College graduation marks the end of one chapter and the beginning of another. No more shoebox-size dorm rooms, awful part-time jobs, or begging your parents for money (hopefully). Now it’s time for your first full-time job and big-time paycheck.
Managing money on your own can be a tricky task, but these six tips can help recent grads master the basics.
1. Start a budget
Creating and budget and sticking to it is the first step to managing your finances. There are a variety of ways to track your spending, account balances, and credit such as free personal finance apps, excel spreadsheets, or even the old school version of writing it down on loose-leaf. The most important thing is to figure out which strategy works best for you – and stick to it!
2. Evaluate your accounts
Student accounts and credit cards offer great benefits, such as waived ATM and monthly service fees. Some of those perks may disappear once you graduate – since you are no longer a student. But, don’t fret – this is an ideal time to review your checking, savings account, and credit card options!
Most financial institutions offer a variety of different accounts based on your every need, so try to find one that will maximize the return on your money and look for ways to minimize fees. Learn which accounts are right for you with USALLIANCE Financial.
3. Stay on top of student loans
Nearly 70 percent of college graduates have student loan debt, and those who take out loans owe an average of $28,950, according to an annual report by the Institute for College Access and Success. Understanding what you owe, whom you owe it to, and what your repayment options are can help make paying off your loans seem a tad less daunting. The National Student Loan Data System is an easy way to view all of your federal student loans. These loans have multiple repayment options, many of which are income-based. Private lenders set their own repayment terms, so it’s best to contact each lender to review your balance and repayment choices.
Be sure to set up automatic payments through your bank or the loan servicer to help ensure you'll never miss a due date.
4. Pay your bills on time
It is essential to keep track of all your expenses and make your monthly payments on time, to avoid late fees and damaging your credit score. The best way to not fall behind on your payments is by scheduling automatic payments through your financial institution or by setting calendar reminders of any and all upcoming due dates.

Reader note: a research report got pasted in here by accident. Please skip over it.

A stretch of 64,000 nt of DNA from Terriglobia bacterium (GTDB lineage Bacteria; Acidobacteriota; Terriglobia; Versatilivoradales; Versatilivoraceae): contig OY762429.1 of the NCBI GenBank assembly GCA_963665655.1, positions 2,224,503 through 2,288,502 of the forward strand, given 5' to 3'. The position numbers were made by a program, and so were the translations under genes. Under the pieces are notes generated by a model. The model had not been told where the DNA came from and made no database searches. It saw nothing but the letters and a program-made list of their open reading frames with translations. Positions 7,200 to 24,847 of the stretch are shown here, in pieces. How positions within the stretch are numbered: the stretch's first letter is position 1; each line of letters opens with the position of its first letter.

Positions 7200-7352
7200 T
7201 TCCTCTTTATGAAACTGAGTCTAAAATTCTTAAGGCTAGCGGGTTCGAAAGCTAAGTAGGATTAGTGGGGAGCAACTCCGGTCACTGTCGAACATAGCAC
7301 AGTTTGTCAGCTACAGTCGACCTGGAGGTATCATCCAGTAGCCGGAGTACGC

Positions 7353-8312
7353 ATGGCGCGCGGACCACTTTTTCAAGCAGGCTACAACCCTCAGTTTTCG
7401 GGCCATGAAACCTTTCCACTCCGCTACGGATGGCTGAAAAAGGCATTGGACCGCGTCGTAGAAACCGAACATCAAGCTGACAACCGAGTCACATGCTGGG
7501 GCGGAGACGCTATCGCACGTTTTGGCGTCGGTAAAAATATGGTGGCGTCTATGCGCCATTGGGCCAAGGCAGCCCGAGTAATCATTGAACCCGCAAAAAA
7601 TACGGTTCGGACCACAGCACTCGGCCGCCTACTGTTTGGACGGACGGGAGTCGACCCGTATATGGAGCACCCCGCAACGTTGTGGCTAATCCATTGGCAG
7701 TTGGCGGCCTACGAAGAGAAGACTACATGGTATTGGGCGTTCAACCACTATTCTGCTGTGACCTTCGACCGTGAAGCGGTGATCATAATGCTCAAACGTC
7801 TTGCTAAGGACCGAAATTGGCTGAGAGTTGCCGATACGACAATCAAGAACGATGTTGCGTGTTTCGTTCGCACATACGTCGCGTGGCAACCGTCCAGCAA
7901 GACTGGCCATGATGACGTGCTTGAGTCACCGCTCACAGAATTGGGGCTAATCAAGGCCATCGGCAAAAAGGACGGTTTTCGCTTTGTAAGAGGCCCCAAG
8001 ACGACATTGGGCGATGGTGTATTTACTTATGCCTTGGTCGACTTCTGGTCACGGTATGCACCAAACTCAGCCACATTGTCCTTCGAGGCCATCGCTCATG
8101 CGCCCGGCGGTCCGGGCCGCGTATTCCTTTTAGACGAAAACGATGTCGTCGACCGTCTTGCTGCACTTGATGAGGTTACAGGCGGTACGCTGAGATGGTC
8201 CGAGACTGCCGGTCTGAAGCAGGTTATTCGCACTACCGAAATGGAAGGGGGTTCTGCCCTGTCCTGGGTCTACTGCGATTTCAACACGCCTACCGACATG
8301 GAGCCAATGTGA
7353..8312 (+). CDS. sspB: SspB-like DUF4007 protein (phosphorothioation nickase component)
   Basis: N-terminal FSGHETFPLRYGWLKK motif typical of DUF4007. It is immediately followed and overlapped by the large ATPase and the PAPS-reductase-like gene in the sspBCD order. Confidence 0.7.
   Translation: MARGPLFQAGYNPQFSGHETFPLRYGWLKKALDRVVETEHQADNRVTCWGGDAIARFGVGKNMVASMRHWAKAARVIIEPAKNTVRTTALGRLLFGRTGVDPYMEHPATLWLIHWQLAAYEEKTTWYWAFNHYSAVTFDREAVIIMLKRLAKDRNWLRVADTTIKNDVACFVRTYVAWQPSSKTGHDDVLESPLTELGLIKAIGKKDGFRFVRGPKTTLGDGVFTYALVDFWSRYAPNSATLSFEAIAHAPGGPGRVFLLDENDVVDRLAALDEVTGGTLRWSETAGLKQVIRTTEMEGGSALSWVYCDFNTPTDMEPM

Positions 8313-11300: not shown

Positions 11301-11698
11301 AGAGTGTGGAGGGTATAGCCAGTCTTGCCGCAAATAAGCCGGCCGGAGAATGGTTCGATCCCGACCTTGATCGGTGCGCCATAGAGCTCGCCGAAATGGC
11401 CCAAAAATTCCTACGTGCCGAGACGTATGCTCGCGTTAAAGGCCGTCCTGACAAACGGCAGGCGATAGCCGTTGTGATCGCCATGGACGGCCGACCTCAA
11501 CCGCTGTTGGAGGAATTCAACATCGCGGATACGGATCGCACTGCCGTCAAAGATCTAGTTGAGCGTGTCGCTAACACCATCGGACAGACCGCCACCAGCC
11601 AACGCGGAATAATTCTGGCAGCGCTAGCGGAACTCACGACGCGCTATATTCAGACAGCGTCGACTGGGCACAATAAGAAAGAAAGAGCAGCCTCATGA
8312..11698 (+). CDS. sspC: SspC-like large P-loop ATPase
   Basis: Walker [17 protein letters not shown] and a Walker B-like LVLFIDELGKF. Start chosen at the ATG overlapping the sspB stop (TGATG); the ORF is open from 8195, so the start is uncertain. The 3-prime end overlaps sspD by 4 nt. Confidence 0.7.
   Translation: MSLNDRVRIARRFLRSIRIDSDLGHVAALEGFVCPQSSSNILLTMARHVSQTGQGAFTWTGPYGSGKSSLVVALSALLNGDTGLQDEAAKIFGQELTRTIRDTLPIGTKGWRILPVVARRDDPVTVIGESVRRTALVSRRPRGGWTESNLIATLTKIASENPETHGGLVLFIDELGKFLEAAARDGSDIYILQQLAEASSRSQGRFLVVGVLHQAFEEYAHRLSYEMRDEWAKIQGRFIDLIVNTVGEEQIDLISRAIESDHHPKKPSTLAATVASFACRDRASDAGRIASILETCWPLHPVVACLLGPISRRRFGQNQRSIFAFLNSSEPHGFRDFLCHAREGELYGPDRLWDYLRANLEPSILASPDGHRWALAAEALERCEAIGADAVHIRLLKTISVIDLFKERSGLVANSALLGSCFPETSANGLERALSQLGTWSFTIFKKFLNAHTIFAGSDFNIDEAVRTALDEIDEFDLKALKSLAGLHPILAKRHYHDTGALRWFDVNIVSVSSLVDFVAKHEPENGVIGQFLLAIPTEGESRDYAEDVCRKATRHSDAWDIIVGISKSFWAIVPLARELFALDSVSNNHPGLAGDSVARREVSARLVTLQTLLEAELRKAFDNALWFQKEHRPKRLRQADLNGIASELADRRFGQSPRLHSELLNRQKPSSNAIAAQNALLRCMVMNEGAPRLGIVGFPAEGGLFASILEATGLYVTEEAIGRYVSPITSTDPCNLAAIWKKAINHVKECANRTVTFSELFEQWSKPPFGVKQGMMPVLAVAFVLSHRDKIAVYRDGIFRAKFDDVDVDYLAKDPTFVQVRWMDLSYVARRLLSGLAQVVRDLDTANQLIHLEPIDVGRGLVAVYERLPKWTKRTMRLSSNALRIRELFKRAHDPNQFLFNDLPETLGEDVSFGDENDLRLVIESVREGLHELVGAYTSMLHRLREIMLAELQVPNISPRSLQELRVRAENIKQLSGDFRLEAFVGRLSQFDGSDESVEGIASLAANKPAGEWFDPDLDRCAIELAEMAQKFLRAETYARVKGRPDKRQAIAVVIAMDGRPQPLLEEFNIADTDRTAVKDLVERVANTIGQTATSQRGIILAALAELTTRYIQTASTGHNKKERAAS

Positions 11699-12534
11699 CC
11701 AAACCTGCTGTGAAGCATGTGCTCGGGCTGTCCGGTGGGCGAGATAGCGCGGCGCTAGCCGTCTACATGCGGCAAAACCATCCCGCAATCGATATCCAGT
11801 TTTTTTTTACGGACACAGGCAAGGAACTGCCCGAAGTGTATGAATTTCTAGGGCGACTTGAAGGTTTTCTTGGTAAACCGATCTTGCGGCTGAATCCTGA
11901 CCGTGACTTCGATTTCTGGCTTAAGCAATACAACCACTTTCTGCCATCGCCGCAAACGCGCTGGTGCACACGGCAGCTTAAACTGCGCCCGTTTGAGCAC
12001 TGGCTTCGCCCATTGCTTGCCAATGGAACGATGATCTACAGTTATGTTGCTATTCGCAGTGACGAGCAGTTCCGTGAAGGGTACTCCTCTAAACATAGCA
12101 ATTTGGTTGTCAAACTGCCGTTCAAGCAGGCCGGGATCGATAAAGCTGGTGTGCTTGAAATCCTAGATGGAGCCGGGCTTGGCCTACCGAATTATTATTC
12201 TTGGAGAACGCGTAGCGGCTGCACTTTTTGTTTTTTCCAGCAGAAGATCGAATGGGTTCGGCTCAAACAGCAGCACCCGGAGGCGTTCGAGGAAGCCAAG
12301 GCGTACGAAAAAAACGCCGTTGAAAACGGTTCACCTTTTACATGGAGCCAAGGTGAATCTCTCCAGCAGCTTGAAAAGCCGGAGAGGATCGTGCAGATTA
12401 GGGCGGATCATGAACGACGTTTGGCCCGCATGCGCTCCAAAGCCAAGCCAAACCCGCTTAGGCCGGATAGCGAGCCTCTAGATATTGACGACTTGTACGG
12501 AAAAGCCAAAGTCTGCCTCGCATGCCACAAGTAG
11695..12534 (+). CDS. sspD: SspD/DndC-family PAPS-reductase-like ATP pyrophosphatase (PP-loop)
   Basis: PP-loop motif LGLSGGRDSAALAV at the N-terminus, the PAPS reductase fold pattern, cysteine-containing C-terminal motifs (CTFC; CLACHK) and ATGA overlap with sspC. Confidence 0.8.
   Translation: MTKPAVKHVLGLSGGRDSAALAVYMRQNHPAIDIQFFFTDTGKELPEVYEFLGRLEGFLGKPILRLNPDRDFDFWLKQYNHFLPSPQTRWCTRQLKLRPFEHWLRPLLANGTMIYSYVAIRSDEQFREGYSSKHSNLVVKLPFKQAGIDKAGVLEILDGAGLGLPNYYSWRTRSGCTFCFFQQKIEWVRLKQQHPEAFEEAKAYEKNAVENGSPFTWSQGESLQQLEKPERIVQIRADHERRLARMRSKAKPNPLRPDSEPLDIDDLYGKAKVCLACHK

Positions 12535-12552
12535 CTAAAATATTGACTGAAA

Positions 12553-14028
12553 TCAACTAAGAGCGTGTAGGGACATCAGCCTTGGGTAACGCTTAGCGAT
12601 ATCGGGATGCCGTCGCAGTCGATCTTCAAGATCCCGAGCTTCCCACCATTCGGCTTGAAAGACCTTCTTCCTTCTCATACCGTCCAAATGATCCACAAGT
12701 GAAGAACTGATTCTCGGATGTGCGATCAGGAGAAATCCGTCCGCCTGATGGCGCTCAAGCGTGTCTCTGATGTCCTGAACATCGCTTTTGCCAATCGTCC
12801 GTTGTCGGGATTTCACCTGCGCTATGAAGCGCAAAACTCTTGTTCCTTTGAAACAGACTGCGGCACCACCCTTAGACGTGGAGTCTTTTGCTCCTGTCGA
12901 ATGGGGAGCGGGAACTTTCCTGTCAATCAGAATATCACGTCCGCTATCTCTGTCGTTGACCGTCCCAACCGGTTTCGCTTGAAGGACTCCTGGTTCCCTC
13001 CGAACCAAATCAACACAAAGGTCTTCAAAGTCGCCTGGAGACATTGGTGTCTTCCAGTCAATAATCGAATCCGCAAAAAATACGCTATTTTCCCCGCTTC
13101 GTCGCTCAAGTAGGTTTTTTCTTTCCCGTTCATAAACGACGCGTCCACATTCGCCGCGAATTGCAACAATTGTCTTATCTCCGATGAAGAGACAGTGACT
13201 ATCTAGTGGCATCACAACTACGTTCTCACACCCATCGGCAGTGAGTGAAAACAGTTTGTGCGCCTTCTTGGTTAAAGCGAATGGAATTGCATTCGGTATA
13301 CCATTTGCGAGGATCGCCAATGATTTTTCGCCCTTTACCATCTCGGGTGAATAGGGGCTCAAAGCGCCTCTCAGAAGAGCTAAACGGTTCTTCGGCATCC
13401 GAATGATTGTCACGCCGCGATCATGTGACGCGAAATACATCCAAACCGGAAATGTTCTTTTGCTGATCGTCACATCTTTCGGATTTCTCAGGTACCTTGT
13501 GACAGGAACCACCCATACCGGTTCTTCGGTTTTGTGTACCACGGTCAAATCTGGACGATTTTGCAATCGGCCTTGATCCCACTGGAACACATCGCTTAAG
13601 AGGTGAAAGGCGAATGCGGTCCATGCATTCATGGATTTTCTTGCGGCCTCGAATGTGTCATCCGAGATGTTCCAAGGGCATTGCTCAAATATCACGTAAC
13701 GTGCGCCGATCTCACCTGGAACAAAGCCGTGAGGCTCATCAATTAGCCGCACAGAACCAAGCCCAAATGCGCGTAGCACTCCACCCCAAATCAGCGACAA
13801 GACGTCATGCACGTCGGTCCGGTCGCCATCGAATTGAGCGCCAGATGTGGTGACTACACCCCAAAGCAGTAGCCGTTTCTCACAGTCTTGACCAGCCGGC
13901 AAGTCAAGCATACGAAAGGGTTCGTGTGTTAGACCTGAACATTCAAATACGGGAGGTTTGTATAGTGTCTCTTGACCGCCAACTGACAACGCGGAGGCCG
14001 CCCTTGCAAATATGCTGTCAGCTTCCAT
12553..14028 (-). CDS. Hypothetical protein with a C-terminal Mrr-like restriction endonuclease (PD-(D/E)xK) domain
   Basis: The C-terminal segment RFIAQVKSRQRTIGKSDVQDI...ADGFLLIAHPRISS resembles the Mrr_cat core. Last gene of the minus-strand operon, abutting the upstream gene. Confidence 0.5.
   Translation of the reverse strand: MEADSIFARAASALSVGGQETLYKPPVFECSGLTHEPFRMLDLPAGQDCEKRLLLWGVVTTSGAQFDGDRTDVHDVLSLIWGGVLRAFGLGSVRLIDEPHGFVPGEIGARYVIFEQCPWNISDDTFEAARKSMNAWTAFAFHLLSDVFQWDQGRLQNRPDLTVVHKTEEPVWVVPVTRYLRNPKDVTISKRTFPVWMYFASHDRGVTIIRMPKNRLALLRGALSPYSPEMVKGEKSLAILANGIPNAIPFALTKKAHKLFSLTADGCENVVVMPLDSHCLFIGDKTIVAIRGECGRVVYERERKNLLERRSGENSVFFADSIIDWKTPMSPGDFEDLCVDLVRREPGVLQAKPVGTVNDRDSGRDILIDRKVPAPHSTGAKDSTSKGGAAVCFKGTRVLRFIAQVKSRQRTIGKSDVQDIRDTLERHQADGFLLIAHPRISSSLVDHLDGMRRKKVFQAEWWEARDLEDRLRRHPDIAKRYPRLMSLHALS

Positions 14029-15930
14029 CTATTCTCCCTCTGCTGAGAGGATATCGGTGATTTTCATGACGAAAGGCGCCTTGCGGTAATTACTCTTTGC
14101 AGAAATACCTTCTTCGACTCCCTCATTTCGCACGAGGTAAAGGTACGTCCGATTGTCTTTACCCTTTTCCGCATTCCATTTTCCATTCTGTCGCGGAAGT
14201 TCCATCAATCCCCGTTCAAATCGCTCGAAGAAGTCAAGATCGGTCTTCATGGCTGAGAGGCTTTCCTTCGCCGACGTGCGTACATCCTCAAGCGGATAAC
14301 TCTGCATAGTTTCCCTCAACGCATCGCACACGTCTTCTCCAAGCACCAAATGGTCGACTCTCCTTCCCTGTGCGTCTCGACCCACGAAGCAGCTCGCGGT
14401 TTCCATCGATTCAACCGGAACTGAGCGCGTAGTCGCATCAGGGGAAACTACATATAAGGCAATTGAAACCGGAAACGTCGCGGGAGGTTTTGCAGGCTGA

5. Start saving for retirement
Full-time employment can come with a lot of benefits. One in particular that many employers offer is a 401(k) plan, better known as a retirement account.
While you may be asking yourself why you need to start saving for retirement since you just graduated college, it’s a great benefit that you should take advantage of - as soon as possible. Some companies will even match a portion of the money you set aside into the account, contributing money toward your retirement. And since it’s a pretax plan, putting money in reduces the amount you’re taxed on each paycheck.
A 401(k) isn’t your only option, though, Traditional and Roth IRAs also come with tax benefits. Start saving now, even just a small percentage, and the money you set aside will build upon itself over time.
6. Use credit wisely
A good credit score can save you thousands of dollars in interest on mortgages and auto loans. One way to build your score is by opening a credit card. Most recent college grads don’t have much credit history, so it’s best to start sooner rather than later.
Look for credit cards with no fees and low-interest rates. Additional rewards such as airline miles or cash back are also a nice bonus. Be sure to look at welcome offers as well, to make sure you are getting the best deal. Once you find a card you’d like to apply for – Apply! Avoid applying for multiple cards at once, though, as this can harm your credit score.
If you open a credit card, try to use it only for essentials, and pay your balance in full each month to avoid interest charges. Failing to do so can also hurt your credit and your wallet in the long run.
Following these tips can prepare you for the big financial challenges ahead and help set you up for success in your 30s, 40s, and beyond.
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